7

the most beginner friendly way is probably the doctest module. Download it with "cabal install doctest", then put your code into a file "Add.hs" and run "doctest Add.hs" from the command line. Your code should look like this, the formatting is important: module Add where -- | add adds two numbers -- -- >>> add 2 3 -- 5 -- >>> add 5 0 -- ...


7

The Integral constraint comes from the exponent of 2. Remember that in Haskell, integer literals are actually polymorphic values of type Num a => a. The compiler then infers that since it's being used as an exponent to (^) :: (Num a, Integral b) => a -> b -> a, it must be of the more constrained type Integral a => a. To save you from having ...


7

When bound without type signature, f2 has a polymorphic inferred type (Fractional a => a), that has to be monomorphised because of the monomorphism restriction (unless that is disabled). In the absence of other default declarations, a type variable with a Fractional constraint defaults to Double. Hugs seems to do the defaulting first, and then choke on ...


7

In haskell 98 this is legal, but it was banned in haskell 2010, and this is what recent versions of GHC implement. Hugs on the other hand was not updated for years, and implements haskell 98. n+k patterns are disliked since there may exist numbers which match for example n+1 but there is no n that would fit that n+1. Consider floating point numbers: There ...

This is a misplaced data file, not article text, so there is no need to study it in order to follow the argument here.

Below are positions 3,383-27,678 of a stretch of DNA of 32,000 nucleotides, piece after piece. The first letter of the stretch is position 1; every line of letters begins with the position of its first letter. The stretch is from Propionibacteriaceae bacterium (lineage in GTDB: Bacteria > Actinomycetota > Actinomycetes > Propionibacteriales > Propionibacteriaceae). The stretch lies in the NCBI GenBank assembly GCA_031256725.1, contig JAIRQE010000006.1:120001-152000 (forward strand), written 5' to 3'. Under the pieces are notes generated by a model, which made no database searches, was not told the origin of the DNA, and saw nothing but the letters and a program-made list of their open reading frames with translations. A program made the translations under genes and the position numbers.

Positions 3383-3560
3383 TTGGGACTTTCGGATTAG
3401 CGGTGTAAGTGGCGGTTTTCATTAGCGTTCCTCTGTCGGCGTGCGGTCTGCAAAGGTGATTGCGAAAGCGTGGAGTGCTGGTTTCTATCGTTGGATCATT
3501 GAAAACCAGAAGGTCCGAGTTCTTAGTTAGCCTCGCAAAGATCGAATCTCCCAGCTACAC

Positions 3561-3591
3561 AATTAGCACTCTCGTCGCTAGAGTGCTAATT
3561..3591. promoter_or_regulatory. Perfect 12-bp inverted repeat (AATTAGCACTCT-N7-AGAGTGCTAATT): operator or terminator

6

Instead of using the GHC api I would suggest binding to Hint for this particular approach, which is just a simplified wrapper around the GHC api. The reason I would recommend this is because the GHC api has a bit of a steep learning curve. But anyway, Like I said In my comment, depending on how deep you want this to go it would require surprisingly few FFI ...


6

GADTs are not implemented in Hugs. Instead, you should use a port of GHC to mips if you are attempting to run code using GADTs. Note that you won't be able to use ghci on all platforms, due to lack of bytecode loading on more exotic architectures.


6

The haskell98 library is deprecated in the Haskell Platform. You should adapt to the haskell2010 standard, which defines rational numbers to be in Data.Ratio.


6

There is a wonderful and brilliant introduction to this topic by Andrew Goldberg and Simon Peyton Jones: http://www.ukuug.org/events/agm2010/ShortestPath.pdf It has helped me to understand the problem, before writing any code at all. It explains Dijkstra's algorithm very well, after which you will find it easy to implement. It also gives all sorts of ...


6

The function occurs compiles fine. However, the expression l = [n..m] is nonsense, unless suitable definitions for n and m already exist. There is a larger issue with your code. Note that elem :: Eq a => a -> [a] -> Bool which is very similar to the type of occurs, especially considering Int is an instance of Eq. Also, the l in your definition of ...


6

You need to save the function in a file (*.hs) and load it via :load <filename>, since the prompt accepts only expressions. 8.5. How do I enter function definitions? The Hugs prompt only accepts expressions for evaluation. You can create a file containing a Haskell module, and load that (see Section 2.2 for details). If you want to ...